What works well for ALL of my horses...from OTTB's to Warmbloolds is: Plain Soaked Beetpulp for my fiber...and Progressive Nutrition Pro Advantage Grass Diet Balancer-for my nutrition(vitamins/minerals/proteins and Amino Acids-which is what will improve the topline)and Envision Classic for additional calories....this is the lowest starch/sugar way to feed a horse....this feeding program has completely turned around my former ulcer/hard keeper ottb...and it is so great for top lines that nobody believes me when they see how great a condition my 20yr old Danish Warmblood looks

    I also really like giving Fastrak probiotic along w/ U7 Gastric Aid,Smart Gut and/or Aloe Vera juice
    thanks! I was actually thinking of switching from smartgut to progressive soothing pink, but I think I'll wait.

    the diet balancer and envision classic - which do you think was the most effective for the topline?
    My big man - April 27, 1986 - September 04, 2008-
    You're with me every moment, my big red horse.

    Be kinder than necessary, for everyone is fighting a battle of some kind.



  7. #7
    Join Date
    May. 15, 2008
    Posts
    1,526

    Default

    We have had a ton of success with TractGard by Foxden Equine. Have you tried that?



  8. #8
    Join Date
    Mar. 4, 2004
    Location
    Louisville, KY
    Posts
    4,007

    Default

    Alfalfa has been shown to help ulcer prone horses...the calcium will buffer the stomach acid to some extent. I would throw a flake of alfalfa or give a pound or so of alfalfa pellets or cubes with each meal.

    Caitlin
    Caitlin
    *OMGiH I Loff my Mare* and *My Saddlebred Can Do Anything Your Horse Can Do*
    http://community.webshots.com/user/redmare01



  9. #9
    Join Date
    Jan. 31, 2003
    Posts
    18,472

    Default

    Quote Originally Posted by Concetta View Post
    What works well for ALL of my horses...from OTTB's to Warmbloolds is: Plain Soaked Beetpulp for my fiber...and Progressive Nutrition Pro Advantage Grass Diet Balancer-for my nutrition(vitamins/minerals/proteins and Amino Acids-which is what will improve the topline)and Envision Classic for additional calories....this is the lowest starch/sugar way to feed a horse....this feeding program has completely turned around my former ulcer/hard keeper ottb...and it is so great for top lines that nobody believes me when they see how great a condition my 20yr old Danish Warmblood looks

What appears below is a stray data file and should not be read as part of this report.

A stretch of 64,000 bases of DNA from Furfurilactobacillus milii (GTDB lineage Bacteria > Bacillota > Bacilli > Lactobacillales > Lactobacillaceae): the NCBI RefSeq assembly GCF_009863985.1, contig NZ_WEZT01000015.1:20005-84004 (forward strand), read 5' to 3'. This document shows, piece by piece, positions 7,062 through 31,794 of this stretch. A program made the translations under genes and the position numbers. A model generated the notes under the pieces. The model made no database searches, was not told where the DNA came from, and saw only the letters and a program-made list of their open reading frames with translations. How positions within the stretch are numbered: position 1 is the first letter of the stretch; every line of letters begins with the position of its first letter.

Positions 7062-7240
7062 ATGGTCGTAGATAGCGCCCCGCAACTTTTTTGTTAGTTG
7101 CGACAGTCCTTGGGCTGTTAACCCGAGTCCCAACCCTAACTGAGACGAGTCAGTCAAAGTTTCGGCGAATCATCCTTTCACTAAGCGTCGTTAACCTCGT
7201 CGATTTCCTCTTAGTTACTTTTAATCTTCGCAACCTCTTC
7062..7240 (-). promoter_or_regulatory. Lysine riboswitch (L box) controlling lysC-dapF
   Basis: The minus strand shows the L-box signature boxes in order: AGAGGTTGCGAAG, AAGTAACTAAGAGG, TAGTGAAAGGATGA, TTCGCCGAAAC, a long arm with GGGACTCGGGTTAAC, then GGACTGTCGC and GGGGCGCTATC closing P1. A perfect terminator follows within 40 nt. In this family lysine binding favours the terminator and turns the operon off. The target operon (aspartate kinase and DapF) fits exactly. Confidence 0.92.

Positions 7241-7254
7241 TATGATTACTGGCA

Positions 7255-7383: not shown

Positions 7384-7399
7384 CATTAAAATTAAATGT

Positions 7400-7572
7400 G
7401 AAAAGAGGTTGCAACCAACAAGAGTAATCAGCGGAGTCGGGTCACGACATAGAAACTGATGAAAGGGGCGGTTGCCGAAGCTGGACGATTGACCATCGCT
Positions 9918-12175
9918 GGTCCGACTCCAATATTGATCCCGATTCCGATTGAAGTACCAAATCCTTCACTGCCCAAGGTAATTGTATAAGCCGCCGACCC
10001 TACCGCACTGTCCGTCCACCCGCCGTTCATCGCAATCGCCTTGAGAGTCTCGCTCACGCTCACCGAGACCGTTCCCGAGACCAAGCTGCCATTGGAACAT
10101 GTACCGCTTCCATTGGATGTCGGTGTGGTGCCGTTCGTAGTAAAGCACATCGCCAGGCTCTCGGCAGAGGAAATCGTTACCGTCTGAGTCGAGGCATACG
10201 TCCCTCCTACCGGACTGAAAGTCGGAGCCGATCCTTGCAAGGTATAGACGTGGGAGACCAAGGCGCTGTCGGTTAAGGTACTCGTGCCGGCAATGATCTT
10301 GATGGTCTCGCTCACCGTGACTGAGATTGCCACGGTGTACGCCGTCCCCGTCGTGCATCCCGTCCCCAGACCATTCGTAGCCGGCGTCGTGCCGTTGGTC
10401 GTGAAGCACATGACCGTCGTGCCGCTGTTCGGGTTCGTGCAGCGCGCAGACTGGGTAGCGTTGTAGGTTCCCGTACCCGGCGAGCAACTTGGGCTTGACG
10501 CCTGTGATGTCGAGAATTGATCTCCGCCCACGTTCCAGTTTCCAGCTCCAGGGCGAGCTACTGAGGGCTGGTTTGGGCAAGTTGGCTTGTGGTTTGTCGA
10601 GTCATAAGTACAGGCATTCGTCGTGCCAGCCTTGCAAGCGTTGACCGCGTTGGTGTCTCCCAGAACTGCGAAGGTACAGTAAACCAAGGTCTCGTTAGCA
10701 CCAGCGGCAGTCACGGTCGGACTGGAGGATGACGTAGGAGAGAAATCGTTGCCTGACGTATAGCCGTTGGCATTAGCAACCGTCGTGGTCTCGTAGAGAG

I also really like giving Fastrak probiotic along w/ U7 Gastric Aid,Smart Gut and/or Aloe Vera juice
    This is what i would feed your horse, with free choice alfalfa hay, so use the alfalfa balancer. The huge advantage in your case will be how little you have to feed... I suspect you are putting wayyyy too much feed in his stomach at one time for an ulcery horse.

    I use this digestive supplement when necessary:

    http://www.naturesfarmacy.com/store/...16&category=27
    "Kindness is free" ~ Eurofoal
    ---
    The CoTH CYA - please consult w/your veterinarian under any and all circumstances.



  10. #10
    Join Date
    Nov. 16, 2004
    Location
    NE Indiana
    Posts
    5,530

    Default

    Quote Originally Posted by RedMare01 View Post
    Alfalfa has been shown to help ulcer prone horses...the calcium will buffer the stomach acid to some extent. I would throw a flake of alfalfa or give a pound or so of alfalfa pellets or cubes with each meal.

    Caitlin
    I've had good success with reducing ulcers with straight alfalfa, in addition to their treatment and then a preventative (I like U7 by Finish Line).



  11. #11
    Join Date
    Nov. 15, 1999
    Location
    Middleburg VA and Southampton NY
    Posts
    6,111



  12. #12
    Join Date
    Feb. 17, 2010
    Location
    Purcellville, VA
    Posts
    1,224

    Default

    Quote Originally Posted by Concetta View Post
    What works well for ALL of my horses...from OTTB's to Warmbloolds is: Plain Soaked Beetpulp for my fiber...and Progressive Nutrition Pro Advantage Grass Diet Balancer-for my nutrition(vitamins/minerals/proteins and Amino Acids-which is what will improve the topline)and Envision Classic for additional calories....this is the lowest starch/sugar way to feed a horse....this feeding program has completely turned around my former ulcer/hard keeper ottb...and it is so great for top lines that nobody believes me when they see how great a condition my 20yr old Danish Warmblood looks

    I also really like giving Fastrak probiotic along w/ U7 Gastric Aid,Smart Gut and/or Aloe Vera juice
    Concetta, what amounts do you feed of each?

    I am getting back my beloved horse that I sold last year (some of you may remember this thread ) severely underweight and malnourished and I think he may have ulcers. He weighed about 900lbs when he was moved from his previous situation. A local lesson barn (which I had no idea he was going to be a lesson horse, but thats neither here nor there...) He's 17 hands.

    I plan on getting him scoped, but in the mean time he's getting loads of Ultium, and some sort of sweet feed loaded with molassas (5lbs like 5x per day) that can't be good for his belly....can it He's also getting timothy hay and only a flake of alfalfa. I plan on switching to pure alfalfa.

    I also want to switch him to a low sugar high fat feed and thought your feed plan sounded perfect.



  13. #13